The principle of course was that being true to God in one’s heart, and living that out no matter what the personal sacrifice might entail was the way to bring heaven and earth into an embrace. Jesus answers the dilemma we face in the gruesome story of Abraham and his efforts to commit infanticide.  He shows us what the love that the ancient writer was attempting to define actually is in real and practical terms.

Scripture informs scripture, and forever teaches us that the stories are just that, stories which help us jump into the cloudy waters of our minds, to yet peel away another layer of darkness on the journey to the light.



12 Comments (+add yours?)

  1. aliceny
    Apr 28, 2013 @ 11:16:28

    Thank you, Sherry,
    The Abraham/Isaac story is such a difficult one to interpret. You have given one of the clearest, most profound exegesis that I have seen. Those who insist on a literal reading of Scripture miss so much; they never really get the full meaning. And if one tries to explain the passage as you have done here, they get angry. How much richer the full interpretation could make in their understanding of God’s Word for their lives.

    I am so glad to see that you make a point of the use of hyperbole (exaggeration to make a point) as a literary technique in Scripture. This is a method of writing that was used especially in the Old Testament. It was the method of writing and speaking used in biblical times. But until one is told that this is a technique to help us understand what is being said, or done, one never really gets the point. If we listen to or read what Middle Easterners are saying today we will notice that same sense of hyperbole in what they are saying. (Too bad those in our State Dept. don’t understand that!)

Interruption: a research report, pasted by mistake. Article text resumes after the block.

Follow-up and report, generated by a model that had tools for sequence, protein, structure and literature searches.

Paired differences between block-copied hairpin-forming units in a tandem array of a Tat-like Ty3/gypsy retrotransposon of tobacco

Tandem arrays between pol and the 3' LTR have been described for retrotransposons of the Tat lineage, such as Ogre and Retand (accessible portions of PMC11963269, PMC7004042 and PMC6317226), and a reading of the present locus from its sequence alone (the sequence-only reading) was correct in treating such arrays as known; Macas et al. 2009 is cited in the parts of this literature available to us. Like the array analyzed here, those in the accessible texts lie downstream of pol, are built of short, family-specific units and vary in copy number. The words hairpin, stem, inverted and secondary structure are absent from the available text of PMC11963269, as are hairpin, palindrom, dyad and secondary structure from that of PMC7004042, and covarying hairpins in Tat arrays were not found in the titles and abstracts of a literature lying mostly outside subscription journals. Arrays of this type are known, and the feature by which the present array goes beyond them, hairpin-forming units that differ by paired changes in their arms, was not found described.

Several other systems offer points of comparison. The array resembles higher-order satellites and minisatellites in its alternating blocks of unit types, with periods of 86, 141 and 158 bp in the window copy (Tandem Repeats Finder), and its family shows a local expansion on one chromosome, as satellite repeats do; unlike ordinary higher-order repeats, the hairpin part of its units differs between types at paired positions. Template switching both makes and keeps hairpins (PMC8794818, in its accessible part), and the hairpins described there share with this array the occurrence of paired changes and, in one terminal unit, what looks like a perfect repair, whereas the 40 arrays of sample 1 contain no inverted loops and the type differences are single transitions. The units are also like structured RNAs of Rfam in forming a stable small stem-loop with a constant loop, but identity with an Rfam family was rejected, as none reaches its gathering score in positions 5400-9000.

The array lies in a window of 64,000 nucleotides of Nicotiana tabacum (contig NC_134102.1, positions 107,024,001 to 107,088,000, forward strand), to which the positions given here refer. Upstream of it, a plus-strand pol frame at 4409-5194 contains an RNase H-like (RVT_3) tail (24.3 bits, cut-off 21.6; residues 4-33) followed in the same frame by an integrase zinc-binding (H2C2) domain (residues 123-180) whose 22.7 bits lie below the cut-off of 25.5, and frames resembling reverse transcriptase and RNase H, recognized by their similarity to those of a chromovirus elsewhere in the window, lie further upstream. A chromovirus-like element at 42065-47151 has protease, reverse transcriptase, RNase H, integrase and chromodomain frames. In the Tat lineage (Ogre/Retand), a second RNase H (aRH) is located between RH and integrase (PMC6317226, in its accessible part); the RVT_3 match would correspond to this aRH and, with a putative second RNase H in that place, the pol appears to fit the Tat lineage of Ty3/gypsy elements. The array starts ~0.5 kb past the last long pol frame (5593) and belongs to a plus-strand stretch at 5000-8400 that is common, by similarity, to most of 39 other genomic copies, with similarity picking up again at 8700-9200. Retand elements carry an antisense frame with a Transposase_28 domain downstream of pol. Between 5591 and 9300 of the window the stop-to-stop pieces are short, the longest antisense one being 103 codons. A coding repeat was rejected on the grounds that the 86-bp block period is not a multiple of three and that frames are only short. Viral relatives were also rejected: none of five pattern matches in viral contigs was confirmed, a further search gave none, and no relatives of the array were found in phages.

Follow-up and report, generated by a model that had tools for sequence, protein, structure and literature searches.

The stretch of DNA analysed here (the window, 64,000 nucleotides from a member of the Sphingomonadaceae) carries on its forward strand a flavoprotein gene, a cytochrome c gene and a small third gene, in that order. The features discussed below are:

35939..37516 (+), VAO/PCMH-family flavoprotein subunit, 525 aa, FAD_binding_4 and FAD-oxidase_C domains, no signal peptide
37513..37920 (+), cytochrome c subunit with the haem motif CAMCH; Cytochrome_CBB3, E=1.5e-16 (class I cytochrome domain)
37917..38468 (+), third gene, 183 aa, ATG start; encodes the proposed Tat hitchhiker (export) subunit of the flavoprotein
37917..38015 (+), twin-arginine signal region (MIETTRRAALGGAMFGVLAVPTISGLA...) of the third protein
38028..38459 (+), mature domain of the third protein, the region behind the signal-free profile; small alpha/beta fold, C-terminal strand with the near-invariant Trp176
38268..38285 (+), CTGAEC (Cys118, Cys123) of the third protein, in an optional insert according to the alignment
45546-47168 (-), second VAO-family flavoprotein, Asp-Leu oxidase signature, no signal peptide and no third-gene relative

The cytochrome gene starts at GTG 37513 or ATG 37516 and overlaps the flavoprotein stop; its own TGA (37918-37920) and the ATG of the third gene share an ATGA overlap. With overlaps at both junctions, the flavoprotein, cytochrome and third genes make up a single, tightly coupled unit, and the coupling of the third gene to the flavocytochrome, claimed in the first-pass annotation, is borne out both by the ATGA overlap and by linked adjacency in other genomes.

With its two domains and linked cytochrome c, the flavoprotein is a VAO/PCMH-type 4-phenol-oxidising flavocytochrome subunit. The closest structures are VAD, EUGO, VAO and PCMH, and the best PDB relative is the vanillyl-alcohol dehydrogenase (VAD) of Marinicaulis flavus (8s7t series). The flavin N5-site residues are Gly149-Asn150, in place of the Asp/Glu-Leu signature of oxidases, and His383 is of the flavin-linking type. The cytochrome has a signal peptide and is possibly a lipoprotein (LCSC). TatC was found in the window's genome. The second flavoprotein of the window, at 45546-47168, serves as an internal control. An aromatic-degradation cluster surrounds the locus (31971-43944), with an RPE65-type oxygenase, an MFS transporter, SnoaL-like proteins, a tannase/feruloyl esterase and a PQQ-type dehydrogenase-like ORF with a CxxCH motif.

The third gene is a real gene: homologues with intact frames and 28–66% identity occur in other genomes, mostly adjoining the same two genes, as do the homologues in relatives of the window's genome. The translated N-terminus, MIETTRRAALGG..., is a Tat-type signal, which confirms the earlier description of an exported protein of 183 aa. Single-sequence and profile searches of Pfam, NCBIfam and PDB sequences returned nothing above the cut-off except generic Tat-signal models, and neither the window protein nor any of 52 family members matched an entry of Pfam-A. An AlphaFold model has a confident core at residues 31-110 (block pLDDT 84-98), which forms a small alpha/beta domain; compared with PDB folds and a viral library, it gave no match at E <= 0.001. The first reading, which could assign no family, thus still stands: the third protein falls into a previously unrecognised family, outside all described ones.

My idea, or picture, of God as a young child reading the Old Testament Bible story textbook in a Catholic grammar school resulted in a totally distorted, almost frightening concept of God. He became a stern entity to be feared. He was always watching me, waiting to judge and then punish me. Never did I get a feeling that He was Love or, specifically, that He loved me. I think that most young people at that time (1930s-40s) who heard bible stories grew up with the same impression of “God.”